Monetizing The Rapture

The end of the world’s tomorrow, say some. Want to make a buck off it?


Rapture money

“You never want a serious crisis to go to waste,” Rahm Emanuel once said. With great disruption comes great possibility. So tomorrow’s supposed “rapture,” when the faithful will ascend to heaven, leaving behind the faithless, presents a business opportunity not to be missed.

The idea of rapture is more complicated than your garden-variety Doomsday. Since billions of sinners and non-believers will be left behind on the now God-forsaken Earth, we’ll have to deal with–and take economic advantage of–everything that the faithful who were vacuumed up into heaven left behind. Don’t feel bad, God has already judged you and found you lacking.


What are some these business opportunities? Take pets, for instance. Not all dogs go to heaven, apparently. Scripture remains mute on the question of whether animals have an eternal soul that can be redeemed like human ones, which presents a conundrum: Who will feed Fido when you’re gone? The answer: atheists.

A New Hampshire retiree, Bart Centre, came up with Eternal Earth-Bound Pets. For a nominal fee of $135, Centre promises that his staff will go and take care of your pet in the event of rapture (the fine print: The rapture must occur within 10 years of payment for the agreement to be valid). The former retail executive told ABC news the other day that he only has 258 customers (though note, that’s almost $35,000 in revenue), out of the 40 million who believe in rapture, so he has hardly saturated the market–yet!

“I saw dollar signs, because no one has more pets per capita and more rapture-believing Christians than the good old U.S.A.,” he told the L.A. Times. He added that if customers are suspicious that he might not hold up his end of the bargain in the event of rapture, they ought to endow a third-party atheist with “post-rapture power of attorney” to enforce the agreement.


It’s simply the most colorful of a number of businesses–some cynical, some not–that have mushroomed up around the rapture. The website “You’ve Been Left Behind” offers to send off letters to your loved ones who didn’t believe in Jesus enough to make the cut. The site, in its own words, “gives you one last opportunity to reach your lost family and friends For Christ.”

A similar site, “Post-Rapture Post,” charges up to $800 (or, to be fair, as few as $5) to send pre-delivered letters to loved ones. The $800 treatment involves calligraphy on “medieval parchment style paper,” the founder told ABC.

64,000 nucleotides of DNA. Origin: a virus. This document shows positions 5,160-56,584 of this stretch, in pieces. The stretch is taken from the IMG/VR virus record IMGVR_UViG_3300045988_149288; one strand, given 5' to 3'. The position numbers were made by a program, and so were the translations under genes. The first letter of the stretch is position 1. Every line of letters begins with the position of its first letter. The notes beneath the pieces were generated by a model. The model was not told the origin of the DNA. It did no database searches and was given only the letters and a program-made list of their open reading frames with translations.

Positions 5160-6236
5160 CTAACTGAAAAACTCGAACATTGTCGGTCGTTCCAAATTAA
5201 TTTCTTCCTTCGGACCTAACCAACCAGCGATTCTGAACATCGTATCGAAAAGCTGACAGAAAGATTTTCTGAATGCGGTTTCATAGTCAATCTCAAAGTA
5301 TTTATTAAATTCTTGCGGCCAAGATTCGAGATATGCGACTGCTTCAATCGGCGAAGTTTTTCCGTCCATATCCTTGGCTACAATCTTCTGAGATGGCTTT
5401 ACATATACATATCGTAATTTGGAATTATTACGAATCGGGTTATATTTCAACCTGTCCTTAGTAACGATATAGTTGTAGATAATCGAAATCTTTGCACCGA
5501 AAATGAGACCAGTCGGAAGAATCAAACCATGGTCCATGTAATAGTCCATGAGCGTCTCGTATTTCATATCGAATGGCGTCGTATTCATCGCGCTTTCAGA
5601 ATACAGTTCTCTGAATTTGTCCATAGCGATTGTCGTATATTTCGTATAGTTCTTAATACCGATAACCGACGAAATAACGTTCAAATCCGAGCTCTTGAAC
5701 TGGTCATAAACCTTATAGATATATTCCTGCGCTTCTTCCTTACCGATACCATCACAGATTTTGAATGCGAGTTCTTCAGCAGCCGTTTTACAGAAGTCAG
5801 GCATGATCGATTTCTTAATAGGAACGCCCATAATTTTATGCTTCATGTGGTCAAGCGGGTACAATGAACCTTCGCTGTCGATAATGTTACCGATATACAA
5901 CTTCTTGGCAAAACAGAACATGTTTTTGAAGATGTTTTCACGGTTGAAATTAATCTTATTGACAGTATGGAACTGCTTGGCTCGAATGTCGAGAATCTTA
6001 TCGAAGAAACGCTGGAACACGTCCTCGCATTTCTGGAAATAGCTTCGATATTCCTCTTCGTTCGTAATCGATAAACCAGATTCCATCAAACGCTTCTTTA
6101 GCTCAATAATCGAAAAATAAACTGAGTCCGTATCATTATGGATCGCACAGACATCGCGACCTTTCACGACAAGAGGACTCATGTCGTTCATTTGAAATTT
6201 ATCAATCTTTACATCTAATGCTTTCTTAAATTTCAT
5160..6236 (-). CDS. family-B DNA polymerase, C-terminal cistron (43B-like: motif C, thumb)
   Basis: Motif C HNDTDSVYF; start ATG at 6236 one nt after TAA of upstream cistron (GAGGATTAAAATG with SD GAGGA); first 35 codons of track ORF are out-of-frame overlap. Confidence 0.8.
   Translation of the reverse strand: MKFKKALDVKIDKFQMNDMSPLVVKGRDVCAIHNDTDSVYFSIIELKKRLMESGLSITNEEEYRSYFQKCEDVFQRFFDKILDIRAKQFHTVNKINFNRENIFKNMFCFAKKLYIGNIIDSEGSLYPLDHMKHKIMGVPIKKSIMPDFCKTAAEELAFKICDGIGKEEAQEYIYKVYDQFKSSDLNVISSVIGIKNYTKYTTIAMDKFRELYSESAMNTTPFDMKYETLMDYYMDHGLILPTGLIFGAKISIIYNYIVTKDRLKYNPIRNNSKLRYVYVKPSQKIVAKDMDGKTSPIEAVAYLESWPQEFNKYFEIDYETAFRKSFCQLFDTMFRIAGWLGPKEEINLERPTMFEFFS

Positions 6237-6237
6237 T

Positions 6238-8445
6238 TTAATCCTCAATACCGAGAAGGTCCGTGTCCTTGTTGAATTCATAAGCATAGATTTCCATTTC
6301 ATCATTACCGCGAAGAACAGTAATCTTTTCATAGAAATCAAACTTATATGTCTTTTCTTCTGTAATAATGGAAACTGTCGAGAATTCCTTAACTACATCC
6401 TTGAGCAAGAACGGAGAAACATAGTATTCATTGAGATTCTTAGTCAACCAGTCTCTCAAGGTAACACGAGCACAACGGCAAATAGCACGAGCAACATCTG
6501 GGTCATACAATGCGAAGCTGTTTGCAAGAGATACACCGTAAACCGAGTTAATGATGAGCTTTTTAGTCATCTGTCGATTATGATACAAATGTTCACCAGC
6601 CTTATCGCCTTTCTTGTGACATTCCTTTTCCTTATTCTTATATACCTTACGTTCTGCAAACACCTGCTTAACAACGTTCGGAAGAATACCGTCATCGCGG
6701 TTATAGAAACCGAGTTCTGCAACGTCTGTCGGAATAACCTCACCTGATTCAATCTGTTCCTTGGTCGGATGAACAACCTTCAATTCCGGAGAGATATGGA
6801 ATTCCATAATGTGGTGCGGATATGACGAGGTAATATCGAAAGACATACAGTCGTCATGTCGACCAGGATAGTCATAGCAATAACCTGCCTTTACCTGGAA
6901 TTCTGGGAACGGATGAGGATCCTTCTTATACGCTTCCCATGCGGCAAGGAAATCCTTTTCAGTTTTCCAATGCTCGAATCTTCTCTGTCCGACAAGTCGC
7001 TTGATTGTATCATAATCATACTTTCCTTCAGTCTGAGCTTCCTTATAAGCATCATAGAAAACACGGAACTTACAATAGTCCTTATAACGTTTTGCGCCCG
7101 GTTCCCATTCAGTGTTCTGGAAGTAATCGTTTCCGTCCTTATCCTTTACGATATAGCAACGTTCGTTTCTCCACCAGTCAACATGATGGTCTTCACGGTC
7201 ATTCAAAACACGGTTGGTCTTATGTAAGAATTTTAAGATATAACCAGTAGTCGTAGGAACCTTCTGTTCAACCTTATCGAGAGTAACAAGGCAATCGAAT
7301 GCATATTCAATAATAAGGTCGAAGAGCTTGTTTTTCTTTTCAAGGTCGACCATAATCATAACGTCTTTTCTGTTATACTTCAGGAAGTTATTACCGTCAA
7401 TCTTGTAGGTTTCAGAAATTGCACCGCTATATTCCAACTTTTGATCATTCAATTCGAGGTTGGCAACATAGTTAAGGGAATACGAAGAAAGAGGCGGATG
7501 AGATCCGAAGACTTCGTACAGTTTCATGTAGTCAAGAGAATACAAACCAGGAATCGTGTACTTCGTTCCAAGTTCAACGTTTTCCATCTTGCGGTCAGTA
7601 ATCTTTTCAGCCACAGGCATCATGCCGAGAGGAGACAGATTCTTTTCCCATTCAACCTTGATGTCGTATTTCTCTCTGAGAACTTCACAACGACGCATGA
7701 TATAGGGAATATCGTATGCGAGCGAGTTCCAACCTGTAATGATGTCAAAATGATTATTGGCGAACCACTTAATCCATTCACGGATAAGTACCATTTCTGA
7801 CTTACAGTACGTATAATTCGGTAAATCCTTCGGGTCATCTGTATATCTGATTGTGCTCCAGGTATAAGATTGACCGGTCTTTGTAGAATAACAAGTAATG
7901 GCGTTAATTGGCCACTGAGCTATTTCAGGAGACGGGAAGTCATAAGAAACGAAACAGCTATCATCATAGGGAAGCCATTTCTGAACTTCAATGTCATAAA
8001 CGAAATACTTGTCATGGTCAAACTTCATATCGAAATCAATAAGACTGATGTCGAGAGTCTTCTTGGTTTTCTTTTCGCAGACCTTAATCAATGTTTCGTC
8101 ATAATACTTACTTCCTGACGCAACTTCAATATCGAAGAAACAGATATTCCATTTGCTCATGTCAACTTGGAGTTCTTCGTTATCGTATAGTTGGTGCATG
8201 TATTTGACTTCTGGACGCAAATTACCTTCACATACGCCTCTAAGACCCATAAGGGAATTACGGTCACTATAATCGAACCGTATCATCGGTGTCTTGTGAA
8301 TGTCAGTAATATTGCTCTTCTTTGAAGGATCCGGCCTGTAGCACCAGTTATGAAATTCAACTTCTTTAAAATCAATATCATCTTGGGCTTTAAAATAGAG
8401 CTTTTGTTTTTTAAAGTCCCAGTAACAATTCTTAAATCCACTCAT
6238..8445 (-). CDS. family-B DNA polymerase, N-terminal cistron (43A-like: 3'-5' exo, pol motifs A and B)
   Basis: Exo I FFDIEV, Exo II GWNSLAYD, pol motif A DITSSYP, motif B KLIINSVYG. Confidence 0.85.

The market seems rife with opportunity. Post-rapture maid services would offer solace to those fearful of being whisked to heaven in a moment when the house was in a state of disarray (as long as untidiness is not a sin that gets you disqualified from heaven). Post-rapture social media consultants could schedule a lengthy series of I-told-you-so tweets, for more of a long-tail effect. For that matter, there are a number of pre-rapture services that would probably be useful: Contractors might offer to cut holes in the faithful’s roofs, to avoid painful head-bonking during the ascent.


For further ideas, we reached out to two funnymen and authorities on all things end times. Jason Boyett, author of Pocket Guide to the Apocalypse: The Official Field Manual for the End of the World, came up with a few. He writes in:

My ideas tend to favor business opportunities for those folks who, unfortunately, find themselves having been left behind after the rapture:

1. The Bible says “the dead in Christ shall rise first” (1 Thess 4:16). Were I left behind, I’d get connected to a local landscaping company and then start making calls to local cemeteries, because they’re going to be a mess.

2. Tow-truck companies are also going to be in great demand, thanks to all those suddenly driver-less cars and inevitable highway pile-ups.

3. Some think the rapture is in-body only–no clothes or accessories. There might be some money to be made collecting and melting down gold dental crowns or jewelry. A second-hand clothing business might recover a lot of product in those first few minutes. I’d get a wheelbarrow and head to the most fashionable parts of town when the trumpet sounds.

4. Become a church broker. Lots of empty churches means a lot of prime real estate and square footage that’s suddenly going unused.

Daniel Radosh, Daily Show writer and author of the book Rapture Ready! Adventures in the Parallel Universe of Christian Pop Culture, counseled us to avoid one rapture-related venture he deems too risky:

One business I wouldn’t waste time setting up is post-non-Rapture
counseling for believers who find themselves and the world still around
the Day After. History shows that people are remarkably resilient in
such circumstances. Rather than break down and question everything they
ever knew, they readily concede that they made a small miscalculation
and begin looking ahead to the next absolutely certain date for the End
Times to begin. In fact, if I owned a billboard company I’d offer
anyone who bought a May 21 sign a discount to lock them into a series of
follow-up ad buys. If I owned a billboard company and had no morals, I

What’s your post-apocalyptic business plan? Do you have a disruptive model?


[Image: Flickr user IronRodArt]

[Front Image: Flickr user whizchickenonabun]

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About the author

David Zax is a contributing writer for Fast Company. His writing has appeared in many publications, including Smithsonian, Slate, Wired, and The Wall Street Journal